Charles seems like a decent guy, but he’s full of himself. That’s why his adult children don’t trust him. He’s gathered all four of them for dinner: Jared (Jay Baruchel), a divorced weasel who figures prominently in the government and appears on TV as a bureaucratic cheerleader for the recruitment program; Rachel (Emily Hampshire), a seething corporate snake; Ashley (Allana Bale), an aspiring actress whose career has gone nowhere, leaving her miserable; and Noah (Sebastian), Charles’s adopted son, a bohemian nervous wreck who is a piano prodigy and also a recovering addict who killed someone in a car accident (he has a prominent scar on his cheek). This is a brood so angry and lost that Eugene O’Neill could tell them to lighten up. But Cronenberg turns out to be a great director of actors, and we are gripped by the toxic theatrical juiciness of the sibling rivalry.

Why a dinner party? Charles uses it to announce to his children that he has signed up. He plans to die by euthanasia that same night and wants to say goodbye to everyone. (His wife also sacrifices herself.) This is Charles’ way of leaving a legacy, of dying in a way that will make everyone think well of him. So there’s more than a little family resentment left. It wasn’t long before men in white jumpsuits showed up from DOCS (the Department of Citizen Strategy), the corporate entity tasked by the government with euthanizing people. The team leader, Bob (Enrico Colantoni), looks like a guy you’d see at a bowling alley, but he’s a bit of a creep, with a penchant for gleeful gallows humor. He administers the lethal injection to Charles in a peaceful manner. But Dawn, Charles’ wife? She’s disappeared. Which leads to the real problem: Since they both signed employment contracts, someone from the York family – one of four children – will have to volunteer to be euthanized in her place. They have two hours to decide who it will be.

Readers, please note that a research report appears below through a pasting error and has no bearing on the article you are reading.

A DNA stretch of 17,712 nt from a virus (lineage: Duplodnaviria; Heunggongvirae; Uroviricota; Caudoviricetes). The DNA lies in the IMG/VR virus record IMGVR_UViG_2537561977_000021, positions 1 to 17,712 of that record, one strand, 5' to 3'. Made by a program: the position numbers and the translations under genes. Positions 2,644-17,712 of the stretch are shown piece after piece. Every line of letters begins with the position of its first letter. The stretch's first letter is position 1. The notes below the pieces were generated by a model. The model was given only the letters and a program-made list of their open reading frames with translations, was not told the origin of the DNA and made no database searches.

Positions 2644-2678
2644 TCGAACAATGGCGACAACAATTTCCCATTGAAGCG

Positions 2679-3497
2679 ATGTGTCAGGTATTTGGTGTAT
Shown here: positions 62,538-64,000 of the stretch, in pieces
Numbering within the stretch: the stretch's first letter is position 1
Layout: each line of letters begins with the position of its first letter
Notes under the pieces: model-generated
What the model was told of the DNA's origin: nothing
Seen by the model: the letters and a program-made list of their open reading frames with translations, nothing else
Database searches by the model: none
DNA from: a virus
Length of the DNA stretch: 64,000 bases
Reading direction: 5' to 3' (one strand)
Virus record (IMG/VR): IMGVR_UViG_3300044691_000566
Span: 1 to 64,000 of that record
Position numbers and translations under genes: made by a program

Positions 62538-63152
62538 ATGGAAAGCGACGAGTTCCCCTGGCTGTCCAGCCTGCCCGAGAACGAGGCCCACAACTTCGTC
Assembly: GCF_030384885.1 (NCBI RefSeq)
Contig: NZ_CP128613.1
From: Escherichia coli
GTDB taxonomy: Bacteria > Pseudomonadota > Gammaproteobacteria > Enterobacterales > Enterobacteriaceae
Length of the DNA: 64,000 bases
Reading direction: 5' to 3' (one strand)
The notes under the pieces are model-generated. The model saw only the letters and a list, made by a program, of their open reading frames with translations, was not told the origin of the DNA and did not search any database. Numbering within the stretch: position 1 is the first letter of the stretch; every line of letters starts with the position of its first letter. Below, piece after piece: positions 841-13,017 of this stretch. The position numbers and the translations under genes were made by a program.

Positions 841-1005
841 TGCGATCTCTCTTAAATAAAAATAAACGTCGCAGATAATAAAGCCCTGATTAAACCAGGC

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“Humane,” which is about what happens from that point on, could be called “Long Day’s Journey into Homicidal Dystopia.” It’s an unashamedly controversial film, but that’s what I liked about it. Cronenberg stages it with fearless sobriety, with knowing nods to issues of private contracts and corporate oversight, and with a vivid eye for the plans and secrets hidden in that house’s Victorian nooks and crannies. She understands that if these four siblings really don’t like each other, the right moment of sociopolitical collapse could be just the right time to fuel their willingness to kill each other. That’s a deeply misanthropic idea, but it’s far from absurd; it makes you think. It’s the kind of tense situation that I thought was sorely lacking in “Civil War.” In ‘Humane’ we look at how far people can go when everything around them breaks down.

Cronenberg treats the mansion as a huge backdrop and turns ‘Humane’ into a kind of psychodramatic slasher film. You could say that one of the themes of the film is privilege. The characters, as children of a famous newscaster, thought they were exempt from self-sacrifice. But it turns out that such a brutal situation is coming for everyone. Yet the real theme of the film is that a bureaucracy too corrupt to solve vital problems (like climate change) will ultimately fragment the social fabric. Because that is what it mainly knows how to do.